BEYOND: Students Learn Better In-Person, but Remote Work May Still Have a Place in the Post-COVID World

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Students in class | Photo Credit: Image by Vidhyarthi Darpan from Pixabay

Student participation seems to be up this semester due to the full reinstatement of in-person classes.

Though online learning had some perks, the chance to be in-person is a reminder to many of the benefits of face-to-face education.

Both learning and teaching from home require higher self-discipline and accountability.  One Lincoln Land Community College professor said, “It’s hard enough in-person to get people to join in, let alone behind a computer screen.”

For students, the freedom and flexibility of online learning has made it more difficult to pay attention and get assignments done on time. It has proven to be more challenging for both students and teachers.

This fall, most colleges and universities are back in-person with alternative options to enroll in online or remote classes. For most, this ‘return to normal’ is a relief.

Professor Shelley Lewis of Lincoln Land Community College said: “When I’m in person, I feel like I can stop the assignment if it’s not going well, and redirect. And that may be confusing for kids, but it’s also beneficial, because if people obviously don’t seem to get it, or if it’s kind of falling flat on its face, I can stop and try to think of something else to do.”

For teachers, the concept of hybrid learning means twice the work. It becomes the instructor’s responsibility to replicate an in-person lecture in an online format for the students who choose to be remote. Because of this, teachers are left with very little room to change the speed or direction of lessons when necessary.

When classes were completely online, Lewis remembers her biggest struggle was persuading students to participate.

As a mother of high school and college students herself, Lewis remembers seeing her own kids struggle to stay awake through a Zoom lecture. Without face-to-face interaction with teachers as both an incentive and a resource, many students found it difficult to remain accountable to their schoolwork.

Isabella Pethy, a third-year transfer student at University of Illinois Springfield, was halfway through her first year of college when the pandemic sent students home in March of 2020.

At the time she was attending Webster University in Missouri. However, by the time the fall semester rolled back around, it did not make sense to pay higher tuition just to be stuck in online classes. This led her to transfer to UIS, but remote learning still came with its own set of challenges.

For Isabella, taking her classes online made it that much easier for her to procrastinate; she said, “In-person, I’m able to pay attention better but I also have no other option.”

This semester she is enrolled in one in-person class, one synchronous Zoom class and two online courses.

Online learning was a major change of pace for students, with its own set of benefits and consequences, but after the pandemic forced this way of life on her, Bella would, at this point, rather have all in-person classes.

While it is clear that working from home is not beneficial in schools, it appears to have opened more doors for businesses. Resource One, a Springfield-based company that deals and designs office furniture, had been in the process of developing a work-from-home program shortly before the pandemic began.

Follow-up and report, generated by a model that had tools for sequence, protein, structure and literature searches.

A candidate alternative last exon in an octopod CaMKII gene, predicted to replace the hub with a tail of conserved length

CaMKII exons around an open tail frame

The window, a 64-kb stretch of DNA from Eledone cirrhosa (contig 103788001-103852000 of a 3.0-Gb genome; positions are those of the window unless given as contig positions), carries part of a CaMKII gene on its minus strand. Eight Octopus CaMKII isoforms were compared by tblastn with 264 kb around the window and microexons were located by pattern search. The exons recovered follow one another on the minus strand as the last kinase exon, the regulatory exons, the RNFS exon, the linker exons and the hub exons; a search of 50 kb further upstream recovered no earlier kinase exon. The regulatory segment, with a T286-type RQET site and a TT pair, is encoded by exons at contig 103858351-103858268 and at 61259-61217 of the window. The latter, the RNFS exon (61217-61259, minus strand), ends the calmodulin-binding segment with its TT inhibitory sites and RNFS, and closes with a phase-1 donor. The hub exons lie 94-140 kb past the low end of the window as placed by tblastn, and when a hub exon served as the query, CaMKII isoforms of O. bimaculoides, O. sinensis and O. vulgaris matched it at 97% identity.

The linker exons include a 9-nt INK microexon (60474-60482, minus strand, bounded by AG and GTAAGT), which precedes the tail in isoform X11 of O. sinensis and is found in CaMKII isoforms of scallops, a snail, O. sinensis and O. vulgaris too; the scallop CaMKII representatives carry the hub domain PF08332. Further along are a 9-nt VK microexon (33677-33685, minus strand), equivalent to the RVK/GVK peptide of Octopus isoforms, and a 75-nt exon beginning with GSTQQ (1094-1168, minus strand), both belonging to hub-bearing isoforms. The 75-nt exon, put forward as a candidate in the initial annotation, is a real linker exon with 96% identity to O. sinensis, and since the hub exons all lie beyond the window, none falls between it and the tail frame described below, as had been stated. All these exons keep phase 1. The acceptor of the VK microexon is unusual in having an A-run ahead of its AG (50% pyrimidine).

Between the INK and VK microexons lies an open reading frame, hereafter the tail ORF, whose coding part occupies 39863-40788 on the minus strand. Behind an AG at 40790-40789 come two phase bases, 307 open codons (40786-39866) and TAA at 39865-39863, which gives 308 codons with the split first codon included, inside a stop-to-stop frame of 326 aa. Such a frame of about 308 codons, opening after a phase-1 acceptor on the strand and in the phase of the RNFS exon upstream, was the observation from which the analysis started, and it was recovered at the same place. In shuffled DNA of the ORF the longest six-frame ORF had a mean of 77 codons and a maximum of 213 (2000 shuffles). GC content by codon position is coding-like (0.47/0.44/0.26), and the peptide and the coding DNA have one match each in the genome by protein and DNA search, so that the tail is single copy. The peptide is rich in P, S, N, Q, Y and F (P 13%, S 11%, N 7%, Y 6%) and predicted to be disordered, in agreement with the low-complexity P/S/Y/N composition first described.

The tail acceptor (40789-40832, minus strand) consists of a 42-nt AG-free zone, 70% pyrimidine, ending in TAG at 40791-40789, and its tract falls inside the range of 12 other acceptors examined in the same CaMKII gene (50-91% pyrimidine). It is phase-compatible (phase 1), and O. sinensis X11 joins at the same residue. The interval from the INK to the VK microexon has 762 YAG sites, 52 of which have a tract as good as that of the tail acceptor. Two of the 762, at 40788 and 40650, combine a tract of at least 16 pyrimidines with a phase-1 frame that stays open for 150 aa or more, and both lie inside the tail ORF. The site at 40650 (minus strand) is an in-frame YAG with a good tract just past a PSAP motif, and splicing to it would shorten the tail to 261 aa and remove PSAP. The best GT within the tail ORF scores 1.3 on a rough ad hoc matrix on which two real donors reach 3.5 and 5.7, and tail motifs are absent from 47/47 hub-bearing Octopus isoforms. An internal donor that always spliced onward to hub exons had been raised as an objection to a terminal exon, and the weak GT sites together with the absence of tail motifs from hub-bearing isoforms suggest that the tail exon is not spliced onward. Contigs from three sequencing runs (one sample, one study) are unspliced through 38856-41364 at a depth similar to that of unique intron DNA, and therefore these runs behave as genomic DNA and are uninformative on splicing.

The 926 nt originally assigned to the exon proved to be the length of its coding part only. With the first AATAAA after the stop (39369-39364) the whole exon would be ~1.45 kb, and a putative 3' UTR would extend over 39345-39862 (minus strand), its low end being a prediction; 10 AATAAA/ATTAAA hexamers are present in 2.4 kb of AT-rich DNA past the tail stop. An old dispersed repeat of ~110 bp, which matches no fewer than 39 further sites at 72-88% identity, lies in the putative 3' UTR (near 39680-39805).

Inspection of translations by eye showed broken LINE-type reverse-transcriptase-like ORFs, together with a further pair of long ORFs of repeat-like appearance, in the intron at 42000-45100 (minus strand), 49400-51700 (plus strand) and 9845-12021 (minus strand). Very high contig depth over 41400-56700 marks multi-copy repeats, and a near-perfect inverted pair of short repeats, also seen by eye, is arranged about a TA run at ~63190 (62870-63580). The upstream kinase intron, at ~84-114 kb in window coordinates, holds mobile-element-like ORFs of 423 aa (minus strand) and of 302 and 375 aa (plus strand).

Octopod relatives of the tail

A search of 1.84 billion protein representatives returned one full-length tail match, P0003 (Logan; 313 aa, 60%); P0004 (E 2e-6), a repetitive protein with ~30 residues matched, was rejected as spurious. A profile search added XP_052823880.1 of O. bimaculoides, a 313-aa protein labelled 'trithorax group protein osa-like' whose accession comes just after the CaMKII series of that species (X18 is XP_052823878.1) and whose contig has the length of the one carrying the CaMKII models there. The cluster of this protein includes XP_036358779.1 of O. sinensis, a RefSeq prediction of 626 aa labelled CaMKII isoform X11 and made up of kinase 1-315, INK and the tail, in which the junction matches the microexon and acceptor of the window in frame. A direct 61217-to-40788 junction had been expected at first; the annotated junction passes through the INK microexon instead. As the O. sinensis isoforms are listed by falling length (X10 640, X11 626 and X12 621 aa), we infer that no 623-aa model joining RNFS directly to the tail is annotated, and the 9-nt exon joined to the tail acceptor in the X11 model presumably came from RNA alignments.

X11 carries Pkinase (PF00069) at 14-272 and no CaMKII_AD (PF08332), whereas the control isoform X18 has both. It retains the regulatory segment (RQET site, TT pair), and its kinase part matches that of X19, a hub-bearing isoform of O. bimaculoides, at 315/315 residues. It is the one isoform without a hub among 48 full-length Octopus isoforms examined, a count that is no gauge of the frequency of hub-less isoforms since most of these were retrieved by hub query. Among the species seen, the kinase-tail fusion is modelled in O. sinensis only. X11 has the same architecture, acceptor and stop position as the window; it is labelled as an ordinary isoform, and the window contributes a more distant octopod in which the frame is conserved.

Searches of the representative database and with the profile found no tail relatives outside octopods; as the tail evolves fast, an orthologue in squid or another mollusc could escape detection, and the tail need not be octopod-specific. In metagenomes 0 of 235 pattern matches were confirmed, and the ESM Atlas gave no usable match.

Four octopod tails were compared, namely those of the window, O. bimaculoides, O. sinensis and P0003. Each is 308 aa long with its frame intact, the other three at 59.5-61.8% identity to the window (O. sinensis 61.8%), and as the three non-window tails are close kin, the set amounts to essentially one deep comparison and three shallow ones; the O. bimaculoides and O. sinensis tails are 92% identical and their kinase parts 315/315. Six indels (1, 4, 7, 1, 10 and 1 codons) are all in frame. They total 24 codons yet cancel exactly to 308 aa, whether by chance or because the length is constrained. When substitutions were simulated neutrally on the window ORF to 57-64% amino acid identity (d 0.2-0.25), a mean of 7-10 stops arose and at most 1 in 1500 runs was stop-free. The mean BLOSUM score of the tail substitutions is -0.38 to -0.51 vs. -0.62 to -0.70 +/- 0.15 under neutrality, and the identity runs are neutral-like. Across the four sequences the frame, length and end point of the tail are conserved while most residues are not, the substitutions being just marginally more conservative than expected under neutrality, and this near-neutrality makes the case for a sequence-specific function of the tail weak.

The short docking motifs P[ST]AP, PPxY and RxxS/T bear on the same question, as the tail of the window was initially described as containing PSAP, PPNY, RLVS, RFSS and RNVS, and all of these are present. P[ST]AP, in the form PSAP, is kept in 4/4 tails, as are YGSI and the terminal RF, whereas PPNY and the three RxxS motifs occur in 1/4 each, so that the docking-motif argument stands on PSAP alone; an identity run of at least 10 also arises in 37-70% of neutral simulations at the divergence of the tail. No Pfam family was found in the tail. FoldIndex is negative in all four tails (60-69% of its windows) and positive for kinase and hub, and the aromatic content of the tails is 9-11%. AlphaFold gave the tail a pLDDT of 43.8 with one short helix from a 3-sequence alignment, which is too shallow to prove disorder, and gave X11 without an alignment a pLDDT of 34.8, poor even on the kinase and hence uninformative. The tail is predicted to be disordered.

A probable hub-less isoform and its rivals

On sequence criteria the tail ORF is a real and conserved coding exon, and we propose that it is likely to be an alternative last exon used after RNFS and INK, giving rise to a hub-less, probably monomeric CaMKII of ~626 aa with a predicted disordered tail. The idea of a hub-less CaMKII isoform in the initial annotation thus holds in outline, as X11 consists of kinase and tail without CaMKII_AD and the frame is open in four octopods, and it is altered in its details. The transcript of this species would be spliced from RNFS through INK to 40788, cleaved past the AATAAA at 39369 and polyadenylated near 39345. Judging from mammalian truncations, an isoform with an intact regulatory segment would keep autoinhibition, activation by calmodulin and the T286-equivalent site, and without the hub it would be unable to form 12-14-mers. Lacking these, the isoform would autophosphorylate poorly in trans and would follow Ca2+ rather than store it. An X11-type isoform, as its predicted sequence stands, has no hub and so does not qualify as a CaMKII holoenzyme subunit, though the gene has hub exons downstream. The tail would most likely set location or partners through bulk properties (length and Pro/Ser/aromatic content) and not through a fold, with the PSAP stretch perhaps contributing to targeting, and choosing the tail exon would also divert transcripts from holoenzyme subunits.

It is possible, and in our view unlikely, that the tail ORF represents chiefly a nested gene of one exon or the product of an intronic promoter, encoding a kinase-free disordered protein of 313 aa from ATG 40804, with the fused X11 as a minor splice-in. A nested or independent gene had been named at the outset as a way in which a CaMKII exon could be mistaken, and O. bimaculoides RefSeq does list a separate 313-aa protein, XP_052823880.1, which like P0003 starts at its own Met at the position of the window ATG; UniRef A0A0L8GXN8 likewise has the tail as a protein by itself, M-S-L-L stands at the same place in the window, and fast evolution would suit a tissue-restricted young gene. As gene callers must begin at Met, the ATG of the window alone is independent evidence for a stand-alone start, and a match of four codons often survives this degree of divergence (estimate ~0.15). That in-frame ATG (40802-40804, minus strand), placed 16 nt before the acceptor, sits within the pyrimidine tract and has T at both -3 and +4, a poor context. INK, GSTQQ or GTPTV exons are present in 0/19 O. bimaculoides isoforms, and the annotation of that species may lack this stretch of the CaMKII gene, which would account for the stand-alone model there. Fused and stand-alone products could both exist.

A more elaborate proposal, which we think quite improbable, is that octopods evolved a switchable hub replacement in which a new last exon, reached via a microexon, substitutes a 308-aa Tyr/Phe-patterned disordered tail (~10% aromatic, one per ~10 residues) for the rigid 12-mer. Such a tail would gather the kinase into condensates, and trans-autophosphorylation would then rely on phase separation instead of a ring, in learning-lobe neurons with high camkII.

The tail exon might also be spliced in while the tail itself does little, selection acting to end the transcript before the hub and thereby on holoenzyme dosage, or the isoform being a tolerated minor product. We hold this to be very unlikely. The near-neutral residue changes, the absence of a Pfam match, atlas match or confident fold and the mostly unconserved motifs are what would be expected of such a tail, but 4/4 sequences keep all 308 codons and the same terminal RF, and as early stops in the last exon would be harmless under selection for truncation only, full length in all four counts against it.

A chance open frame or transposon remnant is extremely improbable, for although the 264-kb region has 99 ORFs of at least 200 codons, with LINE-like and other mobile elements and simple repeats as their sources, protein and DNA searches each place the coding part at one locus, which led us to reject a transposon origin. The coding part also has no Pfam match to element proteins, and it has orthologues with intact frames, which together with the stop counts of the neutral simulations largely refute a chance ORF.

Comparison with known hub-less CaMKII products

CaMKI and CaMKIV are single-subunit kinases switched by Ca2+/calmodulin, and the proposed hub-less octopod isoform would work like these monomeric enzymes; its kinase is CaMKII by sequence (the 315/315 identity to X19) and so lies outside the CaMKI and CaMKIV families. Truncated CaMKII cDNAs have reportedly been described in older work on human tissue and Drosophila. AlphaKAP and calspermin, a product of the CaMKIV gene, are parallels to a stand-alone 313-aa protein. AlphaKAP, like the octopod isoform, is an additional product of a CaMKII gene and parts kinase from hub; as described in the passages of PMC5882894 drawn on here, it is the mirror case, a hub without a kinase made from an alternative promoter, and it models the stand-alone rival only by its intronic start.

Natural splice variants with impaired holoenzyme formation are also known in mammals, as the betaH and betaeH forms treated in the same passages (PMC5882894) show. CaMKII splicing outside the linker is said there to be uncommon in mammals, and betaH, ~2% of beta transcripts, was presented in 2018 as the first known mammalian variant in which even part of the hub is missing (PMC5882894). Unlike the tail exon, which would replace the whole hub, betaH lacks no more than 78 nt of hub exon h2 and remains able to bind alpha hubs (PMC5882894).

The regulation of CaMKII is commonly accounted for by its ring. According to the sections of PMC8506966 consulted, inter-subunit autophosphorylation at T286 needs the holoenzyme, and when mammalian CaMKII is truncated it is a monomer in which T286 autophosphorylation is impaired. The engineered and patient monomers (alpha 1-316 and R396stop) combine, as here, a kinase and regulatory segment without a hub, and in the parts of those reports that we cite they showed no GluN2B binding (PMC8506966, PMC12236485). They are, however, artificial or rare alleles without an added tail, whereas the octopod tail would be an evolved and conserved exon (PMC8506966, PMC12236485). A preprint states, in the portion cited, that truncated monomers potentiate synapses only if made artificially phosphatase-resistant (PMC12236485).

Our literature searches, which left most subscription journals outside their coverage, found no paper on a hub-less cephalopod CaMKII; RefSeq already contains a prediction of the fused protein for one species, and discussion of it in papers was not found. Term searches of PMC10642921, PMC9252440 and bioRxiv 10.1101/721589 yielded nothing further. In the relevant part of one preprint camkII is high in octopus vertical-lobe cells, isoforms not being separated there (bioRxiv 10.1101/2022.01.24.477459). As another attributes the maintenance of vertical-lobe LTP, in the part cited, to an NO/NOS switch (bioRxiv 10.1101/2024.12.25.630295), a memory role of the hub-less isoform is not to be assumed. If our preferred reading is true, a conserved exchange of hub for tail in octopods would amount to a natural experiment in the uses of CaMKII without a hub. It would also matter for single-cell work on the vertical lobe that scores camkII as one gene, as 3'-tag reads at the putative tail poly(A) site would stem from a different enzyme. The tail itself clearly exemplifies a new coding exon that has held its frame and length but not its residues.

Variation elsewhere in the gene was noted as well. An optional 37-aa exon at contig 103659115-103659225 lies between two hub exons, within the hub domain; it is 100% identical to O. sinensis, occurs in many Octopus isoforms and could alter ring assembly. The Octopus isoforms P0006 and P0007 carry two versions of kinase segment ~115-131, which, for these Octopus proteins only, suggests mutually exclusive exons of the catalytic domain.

No one could have predicted the stay-at-home order back in 2020, but for the first time, it allowed schools and businesses explore the option to function under a hybrid model.

Resource One found that “having experienced both 100% in-office and at-home scenarios (and what seemed like everything in-between!), a personalized-hybrid model works best.” Before the pandemic, people were lucky if they could find a career that offered the luxury of working at home.

When asked which model his team prefers, Chris Davis says, “There are team members that still prefer to come in five days a week and there are folks whose particular health and/or family needs require more flexibility towards work from home.”

It appears that this hybrid work model will find its place in a ‘post COVID-19’ society and is here to stay.

With remote work now possible, a migration to smaller towns and rural areas has been seen.

“Overall, around one-in-five U.S. adults (22%) say they either changed their residence due to the pandemic or know someone who did,” according to a new Pew Research Center survey.

Many attributed their move to COVID and the fear of getting sick or the desire to be with loved ones. One respondent said they needed more space so they could work from home.

Central Illinois has not been immune to these changes. The Springfield population has gone down by over 1,000 each year since 2019 while the populations of surrounding small towns have increased.Now that most schools and businesses are moving back toward in-person work, people may also consider moving back into cities. It is also possible that this migration will continue and people will find that they prefer the middle of nowhere to a bustling and crowded life in a city.

Without COVID, this lifestyle of living in smaller towns and working from home may not have been discovered.

Although most are enthusiastic for a full return to ‘normal’ someday, others will prefer to be hybrid forever. The long-term social effects of the pandemic may give them this option.

Abby Denney is a freshman at Lincoln Land Community College and an aspiring journalist. She plans to transfer to the University of Missouri to attend their journalism school with a minor in entrepreneurship. Abby is passionate about sustainable fashion and hopes to one day start her own magazine with a focus on sustainability. She spends her free time thrift shopping and playing the guitar.